Ask-It Basket – Do I have to be abstinent to share?

Question:
Many meetings in my area suggest that members have ninety days of abstinence before sharing. I believe this practice discourages newcomers from speaking at meetings. For eighteen years I have been a member of another Twelve Step program where the newcomer is the most important person in the room and is strongly encouraged to share at meetings. Does the WSO condone this requirement?

Answer:
OA has no ninety day requirement to have a voice at a meeting. Have you suggested that these meetings also sponsor a newcomer meeting, workshop or event where newcomers would be free to share, question and participate?

In our Bylaws and Tradition Three, a group cannot require anything for membership beyond a desire to stop eating compulsively. This gives members a voice. If you feel a group does not honor this Tradition, perhaps you should speak with your intergroup or region officers. Trustees are available to speak with groups or to provide “Service, Traditions and Concepts” workshops to talk about these questions.

I am not aware of any ninety-day groups in my area. However, we do use the slogan “Bring your message to the meeting and your mess to your sponsor.” People come to meetings for many reasons, including socialization and fellowship. They come in pain, and our meetings’ primary purpose is to work OA’s Twelve Steps toward recovery, to help the compulsive eater who still suffers. When a meeting asks for “positive pitches” or strongly suggests that nonabstinent people close their mouths and open their ears and minds, I believe the intent is to let the solution come forth from within the group rather than listen to the problem, which other members in pain already know too well.

The meetings you describe seem focused on recovery and operating in the belief that one cannot transmit what one does not have; that is, one cannot carry a message one
is not living. For me, the message is that there is a solution and this program works. A person “in the food” shows the disease, not the recovery. The only proof I have that this program works is my 65-pound (30-kg) weight loss, deep personality changes based on “huge emotional displacements and rearrangements” (Alcoholics Anonymous, 4th ed., p. 27) and sixteen years of abstinence.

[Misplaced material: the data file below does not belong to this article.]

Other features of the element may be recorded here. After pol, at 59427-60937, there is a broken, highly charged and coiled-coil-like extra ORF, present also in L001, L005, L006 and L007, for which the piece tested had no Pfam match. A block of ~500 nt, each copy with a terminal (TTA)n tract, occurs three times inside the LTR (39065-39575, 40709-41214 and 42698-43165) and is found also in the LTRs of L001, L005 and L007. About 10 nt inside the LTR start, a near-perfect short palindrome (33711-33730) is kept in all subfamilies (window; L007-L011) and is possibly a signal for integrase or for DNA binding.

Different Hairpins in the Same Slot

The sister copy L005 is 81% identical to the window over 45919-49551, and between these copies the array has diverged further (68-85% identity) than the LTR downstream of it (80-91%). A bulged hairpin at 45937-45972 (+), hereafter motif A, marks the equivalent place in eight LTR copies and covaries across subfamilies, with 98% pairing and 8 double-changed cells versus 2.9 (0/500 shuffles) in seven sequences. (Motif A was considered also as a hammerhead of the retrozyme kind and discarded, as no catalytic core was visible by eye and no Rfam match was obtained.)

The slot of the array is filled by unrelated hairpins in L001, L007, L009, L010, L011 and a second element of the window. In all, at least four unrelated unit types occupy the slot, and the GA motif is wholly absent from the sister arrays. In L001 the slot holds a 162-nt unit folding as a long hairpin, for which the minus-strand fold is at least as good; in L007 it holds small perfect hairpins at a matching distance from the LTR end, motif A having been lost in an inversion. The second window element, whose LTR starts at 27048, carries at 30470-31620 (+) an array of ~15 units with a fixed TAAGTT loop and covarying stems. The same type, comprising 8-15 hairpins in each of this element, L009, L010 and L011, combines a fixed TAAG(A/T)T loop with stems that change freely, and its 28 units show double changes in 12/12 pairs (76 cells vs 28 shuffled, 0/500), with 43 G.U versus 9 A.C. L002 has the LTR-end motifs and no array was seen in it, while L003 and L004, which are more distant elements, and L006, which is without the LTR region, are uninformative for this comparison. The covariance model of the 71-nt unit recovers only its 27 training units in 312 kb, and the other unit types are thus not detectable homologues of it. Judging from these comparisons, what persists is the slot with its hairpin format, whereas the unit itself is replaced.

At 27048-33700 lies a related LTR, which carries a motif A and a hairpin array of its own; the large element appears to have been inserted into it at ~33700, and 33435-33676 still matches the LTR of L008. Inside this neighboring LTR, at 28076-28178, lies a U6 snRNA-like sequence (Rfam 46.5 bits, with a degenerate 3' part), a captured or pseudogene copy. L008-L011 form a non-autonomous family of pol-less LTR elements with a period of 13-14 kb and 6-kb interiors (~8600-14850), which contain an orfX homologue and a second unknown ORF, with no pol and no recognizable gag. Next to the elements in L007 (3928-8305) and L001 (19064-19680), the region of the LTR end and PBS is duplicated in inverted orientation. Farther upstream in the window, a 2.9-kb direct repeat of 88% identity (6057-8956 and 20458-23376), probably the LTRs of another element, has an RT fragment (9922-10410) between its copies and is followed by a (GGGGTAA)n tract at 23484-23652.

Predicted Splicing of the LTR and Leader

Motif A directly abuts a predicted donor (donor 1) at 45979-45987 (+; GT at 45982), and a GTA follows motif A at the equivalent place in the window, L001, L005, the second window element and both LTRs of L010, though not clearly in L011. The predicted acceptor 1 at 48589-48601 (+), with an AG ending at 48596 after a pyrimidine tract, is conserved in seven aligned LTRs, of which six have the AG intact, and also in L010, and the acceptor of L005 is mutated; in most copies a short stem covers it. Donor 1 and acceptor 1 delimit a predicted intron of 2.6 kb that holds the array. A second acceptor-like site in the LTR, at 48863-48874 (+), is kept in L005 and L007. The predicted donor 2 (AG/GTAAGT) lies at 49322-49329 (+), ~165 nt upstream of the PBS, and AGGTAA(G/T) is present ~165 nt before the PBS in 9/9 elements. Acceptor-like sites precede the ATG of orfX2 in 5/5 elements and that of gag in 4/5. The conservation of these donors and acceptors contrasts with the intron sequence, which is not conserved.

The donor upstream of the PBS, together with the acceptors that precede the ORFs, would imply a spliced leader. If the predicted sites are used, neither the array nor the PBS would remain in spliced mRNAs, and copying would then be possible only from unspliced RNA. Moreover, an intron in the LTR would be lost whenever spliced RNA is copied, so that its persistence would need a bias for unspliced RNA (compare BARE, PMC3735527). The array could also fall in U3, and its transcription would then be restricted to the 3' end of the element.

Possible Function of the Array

But for me, if I had no opportunities to share as a newcomer, I would be disheartened. In 1996 a group composed of mostly longtimers with two, five, and fifteen years of abstinence asked me to qualify after only thirty days of abstinence. “You want to hear from me?” was my thought, and their collective response was “Yes!” Their attention was a great gift and kept me coming back all these years.

The newcomer is the most important person in the room. I believe your groups want the newcomer to hear the recovery message, stop directing events and start listening to how others achieved ninety-plus days without bingeing, purging or restricting. If no groups in your area allow newcomers or nonabstinent people to share without the ninety-day requirement, your intergroup should address this. OA is a “big tent.” We can and should provide forums for all to work this program according to their conscience and experience.

~ December 2013, Ask-It Basket

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